CHARLESTON, W.Va. -- Summers County High School has been named by the West Virginia Department of Education as a "priority school." To receive federal Title I funds, the department is required to have a plan to increase test scores.
The plan is to give assistance to schools that score in the bottom 5 percent for three years. In the case of Summers County High, only the 11th-grade scores on the language arts and math sections of the WESTEST are considered. Those scores have been in the bottom 5 percent for the past two years; however, in 2009-10, the reading score was 19th in the state and the math score was 33rd in the state.
In 2009-10, Summers County was one of six counties in the state that made "Adequate Yearly Progress." The other five were Gilmer, Pleasants, Pocahontas, Tyler and Wirt. In 2010-11, no county in West Virginia made AYP. In 2011-12, only Tyler County made it.
The mission statement of Summers County Schools is to "involve the total community in preparing each citizen to enter the workforce, college or other postsecondary training and in developing them to their fullest potential as active, self-directed, lifelong learners." The 11th-grade language arts and math scores on the WESTEST are not a good way to measure the success of this mission.
The ACT test is required for admission to most colleges. Of the 119 high schools in West Virginia, Summers County High ranked 25th on the 2012 ACT test.
Of the Career Technical Education students (previously called vocational students) in 2012-13, 89 percent of the completers passed their end of course exam with 100 percent passage for e-business publishing, health occupations science technology and pro-start restaurant management. Of the previous year's graduates who were CTE completers, 94 percent were positively placed either in a career or were furthering their education.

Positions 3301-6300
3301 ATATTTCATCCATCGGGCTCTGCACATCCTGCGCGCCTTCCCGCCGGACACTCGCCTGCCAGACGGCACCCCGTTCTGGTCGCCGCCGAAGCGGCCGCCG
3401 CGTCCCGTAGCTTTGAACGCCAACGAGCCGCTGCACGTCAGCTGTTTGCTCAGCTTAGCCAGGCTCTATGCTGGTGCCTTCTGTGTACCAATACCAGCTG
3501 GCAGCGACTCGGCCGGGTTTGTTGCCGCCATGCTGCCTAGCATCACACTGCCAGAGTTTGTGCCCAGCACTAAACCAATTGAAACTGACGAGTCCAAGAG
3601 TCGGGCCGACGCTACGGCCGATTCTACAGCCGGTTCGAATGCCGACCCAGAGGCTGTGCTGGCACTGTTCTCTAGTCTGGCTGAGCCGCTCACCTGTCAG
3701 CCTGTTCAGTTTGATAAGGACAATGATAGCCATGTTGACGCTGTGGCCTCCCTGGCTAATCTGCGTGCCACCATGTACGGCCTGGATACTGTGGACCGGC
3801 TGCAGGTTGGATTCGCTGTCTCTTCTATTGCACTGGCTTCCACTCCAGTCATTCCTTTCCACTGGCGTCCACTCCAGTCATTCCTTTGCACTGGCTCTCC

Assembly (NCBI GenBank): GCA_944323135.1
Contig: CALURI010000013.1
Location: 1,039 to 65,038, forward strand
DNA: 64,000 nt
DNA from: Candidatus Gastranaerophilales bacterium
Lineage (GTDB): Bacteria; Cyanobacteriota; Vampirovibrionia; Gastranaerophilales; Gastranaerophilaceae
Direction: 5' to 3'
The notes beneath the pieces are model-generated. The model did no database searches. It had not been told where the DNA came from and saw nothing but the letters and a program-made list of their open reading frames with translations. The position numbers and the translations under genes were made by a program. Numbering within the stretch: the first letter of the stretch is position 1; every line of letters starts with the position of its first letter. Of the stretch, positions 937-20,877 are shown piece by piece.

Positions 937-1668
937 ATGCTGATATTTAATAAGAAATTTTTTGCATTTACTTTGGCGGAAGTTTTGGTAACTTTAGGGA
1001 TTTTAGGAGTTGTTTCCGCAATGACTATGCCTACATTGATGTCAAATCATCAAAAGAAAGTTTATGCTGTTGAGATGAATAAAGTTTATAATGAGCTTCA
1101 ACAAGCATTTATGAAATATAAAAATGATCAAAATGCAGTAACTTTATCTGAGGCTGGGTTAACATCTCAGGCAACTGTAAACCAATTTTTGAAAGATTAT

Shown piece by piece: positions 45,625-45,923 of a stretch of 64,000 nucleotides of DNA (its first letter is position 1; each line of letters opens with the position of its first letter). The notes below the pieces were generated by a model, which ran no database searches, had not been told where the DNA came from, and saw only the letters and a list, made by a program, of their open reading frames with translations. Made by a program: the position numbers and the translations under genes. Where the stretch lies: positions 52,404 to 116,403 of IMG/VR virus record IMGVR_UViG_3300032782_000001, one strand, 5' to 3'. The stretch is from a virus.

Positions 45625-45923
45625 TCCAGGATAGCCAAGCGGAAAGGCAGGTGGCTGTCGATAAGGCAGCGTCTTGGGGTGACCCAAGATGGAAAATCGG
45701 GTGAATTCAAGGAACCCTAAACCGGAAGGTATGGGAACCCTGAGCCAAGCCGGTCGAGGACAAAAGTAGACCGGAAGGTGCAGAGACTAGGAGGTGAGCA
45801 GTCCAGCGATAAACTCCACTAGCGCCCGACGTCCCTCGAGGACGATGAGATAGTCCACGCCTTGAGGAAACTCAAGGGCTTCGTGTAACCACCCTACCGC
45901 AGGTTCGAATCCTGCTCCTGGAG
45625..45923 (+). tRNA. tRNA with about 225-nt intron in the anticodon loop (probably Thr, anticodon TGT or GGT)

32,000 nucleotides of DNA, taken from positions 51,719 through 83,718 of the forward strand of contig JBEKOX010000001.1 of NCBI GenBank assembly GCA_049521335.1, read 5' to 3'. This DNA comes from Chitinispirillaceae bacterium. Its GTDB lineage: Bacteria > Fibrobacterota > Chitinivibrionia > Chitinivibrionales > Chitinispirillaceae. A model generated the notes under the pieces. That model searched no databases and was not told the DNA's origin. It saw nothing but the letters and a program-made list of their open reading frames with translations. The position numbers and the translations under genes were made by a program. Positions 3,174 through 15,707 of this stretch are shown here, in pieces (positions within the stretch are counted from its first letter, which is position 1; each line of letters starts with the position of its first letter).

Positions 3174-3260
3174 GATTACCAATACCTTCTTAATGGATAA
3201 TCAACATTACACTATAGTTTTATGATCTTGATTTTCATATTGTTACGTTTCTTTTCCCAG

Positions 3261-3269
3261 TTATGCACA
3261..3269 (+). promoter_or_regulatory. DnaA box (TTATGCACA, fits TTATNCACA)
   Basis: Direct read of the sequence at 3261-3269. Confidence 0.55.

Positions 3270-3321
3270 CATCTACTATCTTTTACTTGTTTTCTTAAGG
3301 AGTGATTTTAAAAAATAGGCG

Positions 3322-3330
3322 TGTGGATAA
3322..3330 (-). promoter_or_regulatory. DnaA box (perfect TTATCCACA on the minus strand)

Nevertheless, we want our students to score well on the WESTEST. When the scores came in August, curriculum director Sarah Brown did her own investigation. She interviewed the first-semester 11th-grade language arts students individually. She listened to each one read and had them answer a question about the passage. She found that 100 percent could read. Then she asked them if they did their best on the WESTEST. Only 24 percent indicated strongly that they had tried to do their best. When asked what would encourage them to try harder, 63 percent said rewards, consequences or more help in skills.
Therefore, we came to the conclusion that the students were performing poorly either because they weren't trying their best or because they needed more instruction in basic skills.
In order to provide an incentive to correct the problem, the Summers County High faculty senate wrote a new exam exemption policy stating that mastery of any subject on the WESTEST will exempt the student from taking the final exam in that subject.
Also, Principal Josh Houchins has made changes in next year's schedule. Students will be scheduled for a seven-period day instead of the current block scheduling. In block scheduling, half of the students are given language arts and math classes during the fall semester. This will ensure that all students will be taking language arts and math classes when the WESTEST is given in May. Another change for next year is that all students who master the WESTEST will be given an enrichment class. All students who don't master the WESTEST will be given extra help on the specific skills they lack.
The state department is sending a team to spend a day at Summers County High to offer suggestions. We will certainly welcome any assistance they can give us.
If you have questions, concerns or would like to review the data, feel free to stop by the Summers County Board of Education at 116 Main St., Hinton. We are open from 8 a.m. to 4 p.m., Monday through Friday.
Hinerman is superintendent of Summers County Schools.